Edward Jenkins Roye

Liberia's Fifth President

Edward J. Roye
More than 160 years ago, two members of the board of trustees of the town of Newark, Ohio met and issued an order that all Negroes should leave within twenty-four hours. A constable was sent out to the black community to inform them of the order of banishment. A young black boy ran to the home of the third member of the board of trustees, A.E. Elliot, begging him to use his influence to circumvent the order. Elliot, his son, and Eddie Roye, went along to the Square where a large crowd had gathered, both blacks and whites. The entire Negro population was pleading that they should not be driven from their homes. Elliot did use his influence, he protested that such hasty action would create hardship on the people involved. His arguments proved effective and the order was postponed until it could be given more consideration. The postponement became indefinite and was never brought up again.
Trustee Elliot went about his affairs as usual, but young Eddie Roye must have walked away from the Square with a determination to find a land with freedom for "men of color."
The history of Edwards J. Roye and the history of Newark begin at about the same time. In 1810, just eight years after Newark was founded and surveyed, John Roye is recorded as having purchased a lot on the south side of the Square. Roye, said to have been born in slavery in Kentucky, came north with his wife Nancy and became a prosperous land owner. Their son, Edward J. Roye was born in a little house on what is now Mount Vernon Road on Feb. 3, 1815. He was educated in Newark schools, but nothing much is known of his early years. In 1822, his father sold his Newark property and went to Illinois, leaving Edward and his mother behind. A letter dated April 14, 1829, from John Edward Roye, is in the Vandalia Illinois courthouse. The letter beginning, "Dear Son," leaves all the property John Roye had acquired in Illinois to his son Edward.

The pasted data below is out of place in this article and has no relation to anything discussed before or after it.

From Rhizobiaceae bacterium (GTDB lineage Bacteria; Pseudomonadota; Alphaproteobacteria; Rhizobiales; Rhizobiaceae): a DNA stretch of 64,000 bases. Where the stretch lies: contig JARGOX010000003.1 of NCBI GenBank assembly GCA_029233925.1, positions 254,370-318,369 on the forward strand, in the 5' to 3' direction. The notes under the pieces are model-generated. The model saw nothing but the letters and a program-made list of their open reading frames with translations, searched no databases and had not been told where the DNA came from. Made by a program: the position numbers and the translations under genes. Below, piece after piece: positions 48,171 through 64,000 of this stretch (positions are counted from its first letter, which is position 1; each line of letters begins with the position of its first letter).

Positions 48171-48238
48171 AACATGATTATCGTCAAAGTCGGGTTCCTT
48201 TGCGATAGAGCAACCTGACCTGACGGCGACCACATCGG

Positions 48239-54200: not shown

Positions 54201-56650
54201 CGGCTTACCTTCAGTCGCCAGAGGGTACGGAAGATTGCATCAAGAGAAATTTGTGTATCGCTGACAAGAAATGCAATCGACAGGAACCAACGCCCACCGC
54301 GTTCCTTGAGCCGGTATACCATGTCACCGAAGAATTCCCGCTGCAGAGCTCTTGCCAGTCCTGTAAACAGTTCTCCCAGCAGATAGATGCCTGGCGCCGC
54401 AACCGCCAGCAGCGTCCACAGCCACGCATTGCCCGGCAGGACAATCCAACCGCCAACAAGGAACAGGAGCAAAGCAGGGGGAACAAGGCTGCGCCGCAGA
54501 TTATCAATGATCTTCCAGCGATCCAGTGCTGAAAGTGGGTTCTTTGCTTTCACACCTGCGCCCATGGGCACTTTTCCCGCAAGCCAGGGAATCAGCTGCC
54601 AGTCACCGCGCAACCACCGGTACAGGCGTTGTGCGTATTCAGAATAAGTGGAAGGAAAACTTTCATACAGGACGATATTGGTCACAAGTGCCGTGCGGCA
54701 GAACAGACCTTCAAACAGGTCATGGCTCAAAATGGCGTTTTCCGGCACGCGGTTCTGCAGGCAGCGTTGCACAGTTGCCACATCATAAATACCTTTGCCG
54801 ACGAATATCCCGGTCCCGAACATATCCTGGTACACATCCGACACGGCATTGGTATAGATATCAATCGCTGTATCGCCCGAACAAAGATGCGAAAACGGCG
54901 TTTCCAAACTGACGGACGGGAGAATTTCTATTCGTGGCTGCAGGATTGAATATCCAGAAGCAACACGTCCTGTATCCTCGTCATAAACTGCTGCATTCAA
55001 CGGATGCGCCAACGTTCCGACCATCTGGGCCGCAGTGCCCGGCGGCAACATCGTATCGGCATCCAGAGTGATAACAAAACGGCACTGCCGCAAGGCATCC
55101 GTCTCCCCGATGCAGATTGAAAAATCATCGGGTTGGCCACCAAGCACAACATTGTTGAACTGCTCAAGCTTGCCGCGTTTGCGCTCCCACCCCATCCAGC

Several biographers say Edward Roye became a barber, which was acceptable occupation for a black at that time. Newark did not have a white barber until 1856. By the year 1832, Edward Roye had left his hometown and was enrolled in Ohio University in Athens. He went on to teach school at Chillicothe in 1836 and after that he moved to Terre Houte, Ind., where he opened that city's first bathhouse/barbershop next door to the best hotel.
By the time Nancy Roye died and was buried in the Sixth Street cemetery in 1840, the mood of the country was changing. Colonizationists wanted to remove all blacks and send them to Africa. Whether due to changing in climate of the 1840's or to the scene around the Square that day in his childhood, Edward Roye decided to leave the United States for an African country, Liberia. On May 1, 1846, Roye sailed from New York and one month later landed in Monrovia.
His energy and intelligence soon made him a leading merchant and after acquiring great wealth, he returned to the U.S. on his own ship. It is said he visited Newark where he was entertained at a banquet for an event for Thomas Ewin, adoptive father of William Tecumseh Sherman.
Years later Roye became chief justice, speaker of the House, and finally, president of Liberia in 1871. He began a program of reconstruction for his nation intending to build new roads and schools.
For these purposes he needed money. Roye sailed for England where he began negotiations with London banks. The results proved ruinous, the terms of the loans were severe, among other things carrying an interest of 7 percent. Roye hastily agreed without consulting the legislature. Liberia actually received about $90,000, while bonds were issued for $400,000.
The whole affair caused great resentment against him, and when he returned home he was accused of embezzlement. He then tried to extend his two-year term of president by edict, after the people rose up against him.
In October 1871, Edward J. Roye was deposed from office., He was brought to trial, but escaped in the night . His is believed to have drowned while trying to reach a English ship in Monrovia harbor, on Feb. 12, 1872.
After many years the nation of Liberia has taken another look at their fifth president. A building housing what was the True Wig Party headquarters is named in his honor, as well as a ship, a town, and several schools.
Was he a villain or a victim of political planning? Did he seek his own prosperity of that or the common man?
The Ohio Historical Society refers to Edward James Roye as the "ninth and forgotten president from Ohio." While in a land far away from the "land of Legend" he is known by some as the "Lincoln of Liberia."
Most of this text is taken from a newspaper article in The Newark Advocate, April 22, 1984
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